5 Things Never to Plug into a Power Strip
What Shouldn't I Plug into a Power strip?
No matter where you live—house, apartment, dorm room, mobile home—one factor remains constant: There never seem to be enough power outlets. This may explain the popularity of multi-outlet power strips, which provide additional outlets and also let you control multiple components with a single on-off switch. There are some appliances, however, that should never be used with power strips because they could overload the circuit and cause overheating or even a fire…
- Refrigerators and Freezers
Large appliances like refrigerators require a lot of power and frequently cycle on and off, which can easily overload a power strip. These devices should be plugged directly into a wall outlet dedicated solely to powering the appliance. If you try to plug additional appliances into the same outlet, you risk tripping the circuit.
The microwave is a miracle of modern food preparation, thawing, cooking, and reheating food in a fraction of the time it takes a conventional oven. But all that marvelous activity requires more energy than a power strip can provide. Like a conventional electric oven, the microwave should have its own dedicated power outlet.
- Coffee Makers
You may not think that your morning cup of joe requires that much energy to brew, but most coffee makers need quite bit of amperage to turn those roasted beans into a hot beverage. Plug your coffee maker directly into the outlet or you run the risk of waking up to a half-brewed pot of coffee.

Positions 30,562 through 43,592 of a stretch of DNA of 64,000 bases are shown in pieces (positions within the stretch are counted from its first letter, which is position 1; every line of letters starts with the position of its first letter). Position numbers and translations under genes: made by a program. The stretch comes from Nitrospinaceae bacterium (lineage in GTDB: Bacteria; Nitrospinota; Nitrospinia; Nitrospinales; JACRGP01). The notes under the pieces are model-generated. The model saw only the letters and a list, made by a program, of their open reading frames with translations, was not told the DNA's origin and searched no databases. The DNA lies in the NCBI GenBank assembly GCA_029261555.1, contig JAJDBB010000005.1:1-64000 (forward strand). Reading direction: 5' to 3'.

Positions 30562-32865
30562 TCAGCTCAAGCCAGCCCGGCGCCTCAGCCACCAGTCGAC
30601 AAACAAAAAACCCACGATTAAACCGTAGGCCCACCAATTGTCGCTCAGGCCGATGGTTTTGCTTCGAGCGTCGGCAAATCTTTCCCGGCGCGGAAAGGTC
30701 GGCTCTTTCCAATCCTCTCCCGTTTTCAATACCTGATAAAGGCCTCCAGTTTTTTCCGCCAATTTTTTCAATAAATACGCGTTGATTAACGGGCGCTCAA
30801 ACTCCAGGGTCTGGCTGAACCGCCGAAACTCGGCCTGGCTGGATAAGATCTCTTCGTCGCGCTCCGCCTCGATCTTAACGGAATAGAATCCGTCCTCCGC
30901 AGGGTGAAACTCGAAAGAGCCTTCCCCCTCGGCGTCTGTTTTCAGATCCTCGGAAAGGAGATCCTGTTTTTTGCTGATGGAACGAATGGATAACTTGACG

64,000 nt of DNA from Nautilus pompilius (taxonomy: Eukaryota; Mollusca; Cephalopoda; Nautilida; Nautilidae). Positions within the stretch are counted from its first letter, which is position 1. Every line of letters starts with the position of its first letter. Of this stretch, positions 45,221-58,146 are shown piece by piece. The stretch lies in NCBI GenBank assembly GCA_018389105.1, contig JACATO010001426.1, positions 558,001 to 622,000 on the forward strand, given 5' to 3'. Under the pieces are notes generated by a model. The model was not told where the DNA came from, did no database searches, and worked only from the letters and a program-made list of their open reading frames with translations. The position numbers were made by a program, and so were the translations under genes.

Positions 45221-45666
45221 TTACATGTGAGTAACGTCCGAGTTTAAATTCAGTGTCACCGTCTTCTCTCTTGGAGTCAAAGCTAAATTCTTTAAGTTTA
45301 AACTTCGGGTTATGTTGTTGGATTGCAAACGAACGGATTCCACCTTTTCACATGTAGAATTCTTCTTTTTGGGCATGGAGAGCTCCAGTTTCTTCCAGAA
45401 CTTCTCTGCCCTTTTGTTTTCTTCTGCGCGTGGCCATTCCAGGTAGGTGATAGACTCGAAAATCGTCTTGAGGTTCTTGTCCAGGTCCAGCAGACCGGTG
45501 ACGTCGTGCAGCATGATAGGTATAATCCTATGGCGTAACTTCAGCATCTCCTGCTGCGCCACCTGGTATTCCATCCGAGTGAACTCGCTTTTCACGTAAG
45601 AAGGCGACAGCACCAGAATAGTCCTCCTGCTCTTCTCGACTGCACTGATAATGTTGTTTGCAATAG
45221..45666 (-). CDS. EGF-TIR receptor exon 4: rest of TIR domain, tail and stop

If you’ve ever peered into a toaster to remove a particularly stubborn piece of broken crust, you know that the inside is basically a bunch of wires that heat up to red-hot temperatures to toast the bread. The current draw that those wires require can easily cause a power strip to overheat. This same issue affects toaster ovens, electric skillets, and waffle irons as well.
- Slow Cookers and Hot Plates
You might think you're one clever cook when you plug your slow cooker into a power strip to free up outlet space for other countertop appliances, but you'd be wrong. These cooking appliances require more juice over a longer period of time than a power strip can handle. And because the appeal of a slow cooker is that it can operate without supervision, you definitely want to make sure it is safely plugged into a wall outlet to minimize any hazardous outcomes.
Source: MSN Online